"Shame - that was the feeling on Sunday evening, when the identity of the murderers of the boy Mohammed Abu Khdeir became clear," a columnist in the Israeli daily Yedioth Ahronoth wrote on Monday. "It's a huge shame that such a thing happened among us, where we were so sure that this could not happen among us, and that only Arabs could be so cruel."
The news of the arrest of six young Israelis shocked and horrified the country. Details of the investigation are still subject to censorship. Media reports say three of them have already confessed to the cruel murder of the 16-year-old Palestinian Mohammed Abu Khdeir. Initial autopsy reports suggest the young Palestinian was burned alive by his murderers, the Palestinian attorney general announced over the weekend.
Israel's self-image in question
At the political level, all parties condemned the murder. In Israel, the killing is being seen as an act of revenge for the murder of three Israeli teenagers. Eyal Yifrah, Gilad Shaar and Naftali Frenkel were kidnapped near a settlement three weeks ago and were found murdered in the West Bank last Monday (30.06.2014). The Israeli government holds Hamas responsible - which has not claimed responsibility. Since then, the mood in the country has been more than heated.
The murder of the young Palestinians and the arrest of the alleged Israeli perpetrators have put the self-image of many Israelis in question. Incitement and racism can also be found on the Israeli side, a commentator for the Israeli daily newspaper Ha'aretz warned. Many must now reevaluate the concept of moral superiority, and the idea that only "the Palestinians are the only ones who glorify the killing of children and distribute sweets after suicide bombings."
Demand for the death penalty
During the weekend dozens of right-wing protesters again gathered outside the residence of Prime Minister Benjamin Netanyahu. Israeli security forces looked on, while some demonstrators dressed as Hamas fighters posed in front of the TV cameras, holding pictures of the three murdered Israeli teenager. "We are at a very tragic moment in Israeli history and Israel even as a state now," said Moshe, who did not want to reveal his full name. "Three Jewish kids got kidnapped and our government is doing absolutely nothing for this, absolutely nothing. We are here because all the news is about the kid now in Shuafat. These Arabs have no limits; they kill our children and expect us to stand with our hands closed."
He is a member of an ultra-nationalist group that rejects any co-existence with the Arabs. "Basically we are here because the government doesn't do enough against the terror. We demand that the government start to make the death penalty for all the terrorists. Because what is going on here is just a joke," said Ron Kaufman, pivoting a large Israeli flag. "You can say enough is enough. In the Gaza Strip now, there are 30 rockets each day. I want to see one rocket hit America from Canada and Canada is gone." The protesters say Israel must use force against Gaza and destroy Hamas.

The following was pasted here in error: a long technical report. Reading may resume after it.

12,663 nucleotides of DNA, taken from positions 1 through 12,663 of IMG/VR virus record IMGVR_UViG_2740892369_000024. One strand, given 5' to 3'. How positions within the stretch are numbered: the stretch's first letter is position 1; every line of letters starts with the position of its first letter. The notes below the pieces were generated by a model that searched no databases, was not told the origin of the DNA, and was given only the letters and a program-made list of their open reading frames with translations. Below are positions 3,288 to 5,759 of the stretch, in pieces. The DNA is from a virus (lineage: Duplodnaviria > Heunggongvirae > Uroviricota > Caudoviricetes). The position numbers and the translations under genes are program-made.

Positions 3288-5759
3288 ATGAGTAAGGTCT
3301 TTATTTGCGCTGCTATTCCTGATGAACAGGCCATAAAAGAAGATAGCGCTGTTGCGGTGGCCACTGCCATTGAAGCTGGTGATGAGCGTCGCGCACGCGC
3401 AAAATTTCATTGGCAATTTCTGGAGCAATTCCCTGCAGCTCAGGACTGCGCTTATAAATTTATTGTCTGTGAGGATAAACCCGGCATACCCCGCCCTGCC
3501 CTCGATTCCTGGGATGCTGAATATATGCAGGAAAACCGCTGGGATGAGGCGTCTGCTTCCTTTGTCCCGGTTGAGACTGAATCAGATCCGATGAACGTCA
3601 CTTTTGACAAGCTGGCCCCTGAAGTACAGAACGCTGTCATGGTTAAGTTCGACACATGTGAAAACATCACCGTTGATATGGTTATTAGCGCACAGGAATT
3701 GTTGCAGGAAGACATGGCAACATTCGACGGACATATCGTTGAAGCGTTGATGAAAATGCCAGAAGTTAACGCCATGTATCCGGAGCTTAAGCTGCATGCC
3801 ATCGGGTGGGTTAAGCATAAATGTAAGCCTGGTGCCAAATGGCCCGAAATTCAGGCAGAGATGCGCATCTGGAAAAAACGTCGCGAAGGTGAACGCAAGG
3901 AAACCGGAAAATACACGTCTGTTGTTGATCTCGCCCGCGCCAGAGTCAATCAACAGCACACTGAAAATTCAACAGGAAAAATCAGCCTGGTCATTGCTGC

Call for peace
Quite different voices could be heard just a few streets away. On Zion Square in the city center, around 40 people demonstrated against the violence and escalation.
"We felt that the increasing violence in Jerusalem is too much, someone needs to stand exactly here in the center of Jerusalem and raise the voice of the regular people that are not for violence and are not for hatred and just want to live here in peace and want to have cooperation between the people," said Oron Elior of the organization "Combatants for Peace." For many years, the group has campaigned for coexistence between Palestinians and Israelis.
"I think being here doesn't allow you to be passive. If the passive people will keep on being passive, nothing will change," he said. In the vacuum left by the aborted peace talks, the situation may escalate more easily, many believe here.
"I am myself not very shocked about this open violence," Palestinian Amir Khalash said. "Because the main violence is still the violence by the police and by the army. If the boy was killed by the Tag Mechir people, it is still less shocking then all the other Palestinians that were killed in the last few weeks because of official revenge by the army."
Only a few hundred meters from Zion Square, Matan Israeli followed the news. The young artist lives in West Jerusalem and usually works with Palestinian artists in joint art projects. He says he's building bridges - between the majority Arab East Jerusalem and the Jewish West Jerusalem.
This is not easy, even in less tense times. After the incidents of the last few weeks, he said he barely recognized his country.
"I am a bit afraid personally. It was a few scary days to walk in the West and to see all the people marching there and the hate and all the escalation," he said. Plans to make a joint art project for Palestinians and Israelis in his district this summer have been put on ice for the first time.
"It will be like trying to show that there is coexistence while there is none. It will be like fake, it will be like trying to impose reality on something that today it is not," he said. "Today there is such a big gap between the sides that it will take years, I think, to rebuild the trust."